- The Washington Times - Sunday, April 15, 2007

Jack Frost taunted farmers across the Southeast last week with blasts of arctic air that devastated spring crops. Much of this year’s harvest of peaches, apples and berries in Georgia and the Carolinas has been destroyed. Get ready for sticker shock at the supermarket.

Losses to American farmers from frosts average in the billions of dollars annually. Peaches, citrus and other crops are regularly threatened by frost in the Southeast. California is also susceptible: A January freeze here cost farmers more than a billion dollars of losses of citrus, avocados and strawberries, and a 1990 freeze caused about $800 million in damage to agriculture and resulted in the layoff of 12,000 citrus industry workers, including pickers, packers, harvesters and salespeople. In 2002, lettuce prices around the country went through the roof after an unseasonable frost struck the Arizona and California deserts.

Farmers fight freeze damage with pathetically low-tech methods, such as burning smudge pots, which produce warm smoke; running wind machines to move the frigid air; and spraying water on plants to form an insulating coat of ice. The only high-tech solution, a clever biotechnology application, was frozen out by federal regulators.

In the early 1980s, scientists at the University of California and in industry devised a new approach to limiting frost damage. They knew a harmless bacterium which normally lives on many plants contains an “ice nucleation” protein that promotes frost damage. Therefore, they sought to produce a variant of the bacterium that lacked the ice-nucleation protein, reasoning that spraying this variant bacterium (dubbed “ice-minus”) on plants might prevent frost damage by displacing the common, ice-promoting kind. Using very precise biotechnology techniques called “gene splicing,” the researchers removed the gene for the ice nucleation protein and planned field tests with ice-minus bacteria. Then the government stepped in, and that was the beginning of the end.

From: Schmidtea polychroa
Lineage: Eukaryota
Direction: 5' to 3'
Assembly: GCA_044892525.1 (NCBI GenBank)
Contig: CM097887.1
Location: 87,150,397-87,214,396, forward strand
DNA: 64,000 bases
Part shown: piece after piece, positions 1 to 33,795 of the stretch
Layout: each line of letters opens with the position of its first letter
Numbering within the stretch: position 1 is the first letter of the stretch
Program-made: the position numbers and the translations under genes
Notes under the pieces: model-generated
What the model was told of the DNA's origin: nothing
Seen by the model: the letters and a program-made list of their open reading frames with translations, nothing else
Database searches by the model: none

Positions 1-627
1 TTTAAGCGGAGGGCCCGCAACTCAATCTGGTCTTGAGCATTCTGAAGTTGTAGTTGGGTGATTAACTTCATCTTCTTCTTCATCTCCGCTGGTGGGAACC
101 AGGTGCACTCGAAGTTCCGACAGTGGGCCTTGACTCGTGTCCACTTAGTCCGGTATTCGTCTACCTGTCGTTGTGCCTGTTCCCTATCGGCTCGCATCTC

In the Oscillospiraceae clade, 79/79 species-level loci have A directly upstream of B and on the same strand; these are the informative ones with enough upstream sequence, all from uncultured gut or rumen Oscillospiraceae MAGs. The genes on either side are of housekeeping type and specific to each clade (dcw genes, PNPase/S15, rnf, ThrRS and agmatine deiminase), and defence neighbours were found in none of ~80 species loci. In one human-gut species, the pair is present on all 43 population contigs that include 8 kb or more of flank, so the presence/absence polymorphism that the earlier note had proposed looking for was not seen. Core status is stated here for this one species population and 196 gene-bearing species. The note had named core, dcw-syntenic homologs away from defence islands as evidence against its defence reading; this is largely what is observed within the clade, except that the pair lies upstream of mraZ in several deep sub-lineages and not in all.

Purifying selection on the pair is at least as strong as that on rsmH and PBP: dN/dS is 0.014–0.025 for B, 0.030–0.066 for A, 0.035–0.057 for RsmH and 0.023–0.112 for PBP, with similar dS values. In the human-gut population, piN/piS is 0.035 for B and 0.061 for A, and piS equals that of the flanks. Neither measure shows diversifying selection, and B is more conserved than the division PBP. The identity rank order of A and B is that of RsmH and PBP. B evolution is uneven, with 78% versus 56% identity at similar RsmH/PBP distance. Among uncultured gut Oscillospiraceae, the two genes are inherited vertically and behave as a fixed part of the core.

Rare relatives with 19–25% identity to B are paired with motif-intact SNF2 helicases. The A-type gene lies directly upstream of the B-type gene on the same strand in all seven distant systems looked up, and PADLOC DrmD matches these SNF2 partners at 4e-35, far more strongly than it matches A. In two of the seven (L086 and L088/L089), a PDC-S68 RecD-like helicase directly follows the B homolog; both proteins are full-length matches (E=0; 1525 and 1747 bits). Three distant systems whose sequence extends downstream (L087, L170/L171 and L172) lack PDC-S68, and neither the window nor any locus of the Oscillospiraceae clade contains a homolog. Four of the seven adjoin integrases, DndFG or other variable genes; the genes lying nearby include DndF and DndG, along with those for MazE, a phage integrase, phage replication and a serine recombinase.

The Environmental Protection Agency (EPA) classified as a pesticide the obviously innocuous ice-minus bacterium, which was to be tested in Northern California on small, fenced-off plots of potatoes and strawberries. The regulators reasoned that the naturally occurring, ubiquitous, “ice-plus” bacterium is a “pest” because its ice-nucleation protein promotes ice crystal formation. Therefore, other bacteria intended to displace it would be a “pesticide.”

This is the kind of absurd, convoluted reasoning that could lead EPA to regulate outdoor trash cans as a pesticide because litter is an environmental “pest.”

At the time, scientists inside and outside the EPA were unanimous that the test posed negligible risk. (I wrote the opinion provided by the Food and Drug Administration.) No new genetic material had been added, only a single gene whose function was well known had been removed, and the organism was obviously harmless. Nonetheless, the field trial was subjected to an extraordinary long and burdensome review just because the organism was gene-spliced.

It is noteworthy that experiments using bacteria with identical traits but constructed with older, cruder techniques require no governmental review of any kind. When tested on less than 10 acres, non-gene-spliced bacteria and chemical pesticides are completely exempt from regulation. Moreover, there is no government regulation of the use of vast numbers of the “ice-plus” organisms (which contain the ice-nucleation protein) commonly blown into the air during snow-making at ski resorts.

Although the ice-minus bacteria proved safe and effective at preventing frost damage in field trials, further research was discouraged by the combination of onerous government regulation, the inflated expense of the experiments and the prospect of huge downstream costs of pesticide registration. As a result, the product was never commercialized and plants cultivated for food and fiber throughout much of the nation remain vulnerable to frost damage. We have the EPA to thank for farmers’ livelihood in jeopardy, jobs lost and inflated produce prices.

That last point illustrates the wide ripple effect — in this case, the public health impact — of such government actions: Higher prices for fresh fruits and vegetables, the demand for which is elastic, reduces consumption, so consumers get less of the anti-oxidant, vitamin and high-fiber benefits that these products afford.

Once again, the actions of EPA regulators have given rise to a situation in which everyone loses. When will they rethink their policies? Probably not before hell freezes over.

Henry I. Miller, a physician and fellow at Stanford University’s Hoover Institution, was 1989-‘93 head of the Food and Drug Administration’s Office of Biotechnology. He is the author of the recent book “The Frankenfood Myth.”

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